Christine then talks with Rabbi Lawrence Troster, Director of the Fellowship Program and Rabbinic Scholar-in-Residence at GreenFaith, an interfaith environmental coalition in New Jersey. Rabbi Troster has a wealth of experience in the interfaces between faith and environment, serving also as the Rabbinic Fellow of the Coalition on the Environment and Jewish Life (COEJL), the Jewish Chaplain of Bard College in Annandale-on-Hudson and an Associate of Bard's Institute of Advanced Theology. Rabbi Troster also co-chairs the Interfaith Partnership for the Environment of the United Nations Environment Program (UPEN).
Finally, we hear from Aleciah Anthony, field director at the Northwest Bronx Community & Clergy Coalition. She has worked with the NWBCCC for eight years, starting as a neighborhood organizer apprentice in the Training Institute for Careers in Organizing, a program that she currently directs. Ms. Anthony has also worked with a team of grassroots community leaders in the Bronx to create the Community Leadership Academy, a training center at NWBCCC that offers a full range of training in the art and science of community organizing.
Discover more about the faith-based organizations involved in the May forum here. To learn more about PennFuture's work in Philadelphia, the Next Great City, visit our site. There you get more involved. As always, we welcome your comments. Simply click "comments" below, or e-mail us at podcast (at) pennfuture (dot) org.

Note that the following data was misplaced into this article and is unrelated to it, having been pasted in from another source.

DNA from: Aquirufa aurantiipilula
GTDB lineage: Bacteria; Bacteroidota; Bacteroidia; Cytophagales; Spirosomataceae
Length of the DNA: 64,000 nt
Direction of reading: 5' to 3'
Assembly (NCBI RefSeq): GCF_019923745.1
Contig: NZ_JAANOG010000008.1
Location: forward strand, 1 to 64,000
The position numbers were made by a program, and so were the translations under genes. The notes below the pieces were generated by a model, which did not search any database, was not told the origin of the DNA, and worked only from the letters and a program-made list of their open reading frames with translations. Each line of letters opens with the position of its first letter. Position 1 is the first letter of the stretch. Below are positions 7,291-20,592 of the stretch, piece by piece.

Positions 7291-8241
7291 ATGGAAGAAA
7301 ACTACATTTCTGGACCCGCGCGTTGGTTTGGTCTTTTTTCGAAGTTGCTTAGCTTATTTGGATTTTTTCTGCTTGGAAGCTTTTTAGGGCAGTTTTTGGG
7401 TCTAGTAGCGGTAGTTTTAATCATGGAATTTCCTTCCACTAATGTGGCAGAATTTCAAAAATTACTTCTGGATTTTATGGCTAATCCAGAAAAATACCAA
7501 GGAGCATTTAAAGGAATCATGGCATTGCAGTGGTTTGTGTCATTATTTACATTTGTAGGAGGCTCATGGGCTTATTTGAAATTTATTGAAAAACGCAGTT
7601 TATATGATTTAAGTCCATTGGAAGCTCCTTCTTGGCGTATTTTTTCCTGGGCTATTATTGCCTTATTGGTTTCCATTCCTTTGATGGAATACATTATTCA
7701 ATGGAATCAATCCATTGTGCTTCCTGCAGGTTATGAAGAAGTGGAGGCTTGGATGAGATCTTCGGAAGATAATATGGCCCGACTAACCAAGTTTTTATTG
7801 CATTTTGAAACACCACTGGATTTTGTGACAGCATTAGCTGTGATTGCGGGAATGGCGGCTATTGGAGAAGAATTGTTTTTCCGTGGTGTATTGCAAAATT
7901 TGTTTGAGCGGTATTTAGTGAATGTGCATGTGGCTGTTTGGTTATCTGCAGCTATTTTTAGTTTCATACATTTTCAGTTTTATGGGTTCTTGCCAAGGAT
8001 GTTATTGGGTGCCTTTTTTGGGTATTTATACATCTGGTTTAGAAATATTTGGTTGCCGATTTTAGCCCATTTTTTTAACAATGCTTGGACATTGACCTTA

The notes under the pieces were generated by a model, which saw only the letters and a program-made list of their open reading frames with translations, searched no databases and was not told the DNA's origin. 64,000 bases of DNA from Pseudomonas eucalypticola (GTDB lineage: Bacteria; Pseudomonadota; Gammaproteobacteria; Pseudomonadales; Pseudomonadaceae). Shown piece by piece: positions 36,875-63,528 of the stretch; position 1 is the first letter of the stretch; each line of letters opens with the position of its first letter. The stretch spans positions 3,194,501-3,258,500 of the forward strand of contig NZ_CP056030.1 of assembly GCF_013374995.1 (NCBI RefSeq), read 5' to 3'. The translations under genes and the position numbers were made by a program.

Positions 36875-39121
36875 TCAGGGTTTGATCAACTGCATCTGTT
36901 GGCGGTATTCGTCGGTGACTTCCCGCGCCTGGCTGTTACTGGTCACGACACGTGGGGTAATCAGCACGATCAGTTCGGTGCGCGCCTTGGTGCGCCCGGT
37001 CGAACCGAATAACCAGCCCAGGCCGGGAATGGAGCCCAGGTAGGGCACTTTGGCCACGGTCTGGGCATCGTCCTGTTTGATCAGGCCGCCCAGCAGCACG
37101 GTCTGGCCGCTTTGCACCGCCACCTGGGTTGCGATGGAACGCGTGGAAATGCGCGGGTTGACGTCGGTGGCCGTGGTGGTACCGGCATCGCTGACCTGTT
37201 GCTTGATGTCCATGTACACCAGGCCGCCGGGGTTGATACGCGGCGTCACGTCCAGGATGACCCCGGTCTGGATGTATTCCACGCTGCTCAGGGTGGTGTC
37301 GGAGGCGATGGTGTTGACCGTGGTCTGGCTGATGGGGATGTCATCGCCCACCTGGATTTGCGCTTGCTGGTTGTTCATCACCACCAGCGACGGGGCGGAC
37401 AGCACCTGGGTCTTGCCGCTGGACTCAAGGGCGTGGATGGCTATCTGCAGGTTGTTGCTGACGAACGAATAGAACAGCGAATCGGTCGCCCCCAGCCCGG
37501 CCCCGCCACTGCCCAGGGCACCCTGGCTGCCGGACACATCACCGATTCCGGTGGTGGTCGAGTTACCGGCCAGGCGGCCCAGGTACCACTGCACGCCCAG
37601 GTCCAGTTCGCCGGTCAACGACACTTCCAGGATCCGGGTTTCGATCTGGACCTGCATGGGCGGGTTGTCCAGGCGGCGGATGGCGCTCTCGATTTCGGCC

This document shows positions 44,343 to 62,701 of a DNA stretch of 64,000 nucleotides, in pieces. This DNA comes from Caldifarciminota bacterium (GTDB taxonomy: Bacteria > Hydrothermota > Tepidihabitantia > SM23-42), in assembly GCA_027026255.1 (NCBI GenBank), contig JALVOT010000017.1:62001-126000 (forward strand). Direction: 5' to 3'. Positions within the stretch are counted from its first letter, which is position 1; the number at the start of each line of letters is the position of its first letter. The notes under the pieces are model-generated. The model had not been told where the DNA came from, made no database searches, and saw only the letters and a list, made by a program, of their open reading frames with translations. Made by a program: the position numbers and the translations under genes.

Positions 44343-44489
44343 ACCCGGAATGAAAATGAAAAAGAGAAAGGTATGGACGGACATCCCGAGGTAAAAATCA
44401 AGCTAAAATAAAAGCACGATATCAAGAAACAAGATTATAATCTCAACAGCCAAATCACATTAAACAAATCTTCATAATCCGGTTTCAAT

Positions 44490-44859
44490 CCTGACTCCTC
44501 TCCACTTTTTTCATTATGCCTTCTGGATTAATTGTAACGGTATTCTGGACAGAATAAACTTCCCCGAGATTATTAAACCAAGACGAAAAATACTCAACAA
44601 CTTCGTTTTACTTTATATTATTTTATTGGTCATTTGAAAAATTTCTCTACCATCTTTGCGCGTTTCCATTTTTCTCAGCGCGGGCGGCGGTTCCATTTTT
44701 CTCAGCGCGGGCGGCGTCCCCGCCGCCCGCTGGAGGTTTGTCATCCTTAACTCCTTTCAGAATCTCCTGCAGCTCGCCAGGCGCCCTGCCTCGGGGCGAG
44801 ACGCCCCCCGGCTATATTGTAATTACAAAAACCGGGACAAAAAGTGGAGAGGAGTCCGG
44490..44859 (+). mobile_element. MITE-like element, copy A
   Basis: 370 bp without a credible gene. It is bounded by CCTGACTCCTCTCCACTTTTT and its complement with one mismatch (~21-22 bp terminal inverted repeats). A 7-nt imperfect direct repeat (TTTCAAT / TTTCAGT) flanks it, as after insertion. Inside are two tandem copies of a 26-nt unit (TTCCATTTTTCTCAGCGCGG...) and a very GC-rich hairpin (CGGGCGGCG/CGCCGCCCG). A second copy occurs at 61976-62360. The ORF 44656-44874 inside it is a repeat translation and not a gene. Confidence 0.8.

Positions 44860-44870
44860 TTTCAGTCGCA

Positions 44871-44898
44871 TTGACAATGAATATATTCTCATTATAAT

Fri, 16 May 2008
Transportation continues to be a prime source of heat trapping gases, soot, smog and serious health problems across the globe. Convenient and cleaner public transit offers one key ingredient for a sustainable city.
On April 17, Sustainable Philadelphia held a Green Transportation Fair and a Forum on Sustainable Transportation to show Philadelphians the latest technology and to learn what other cities are doing to improve their transportation options.
In this podcast, PennFuture's Christine Knapp interviews two of the experts presenting at the forum. Walter Hook, executive director of the Institute for Transportation and Development Policy discusses the creative solutions being used globally to create public transportation, and to encourage the use of bikes. And Steve Weber, assistant commissioner for strategic planning for New York City's Department of Transportation, talks about the advances made in the past year since Mayor Michael Bloomberg announced the city's sustainability plan.
The forum was part of the work of the Next Great City coalition, dedicated to creating a positive future for Philadelphia by advocating for common sense, cost effective policies that enhance environmental quality, strengthen neighborhoods and increase our economic competitiveness.
To learn more about PennFuture's work with the Next Great City project, visit our website. There you can also sign up to receive more information, or make a tax-deductible contribution to support our work. As always, we welcome your comments. Simply click on "Comments" below.
Fri, 9 May 2008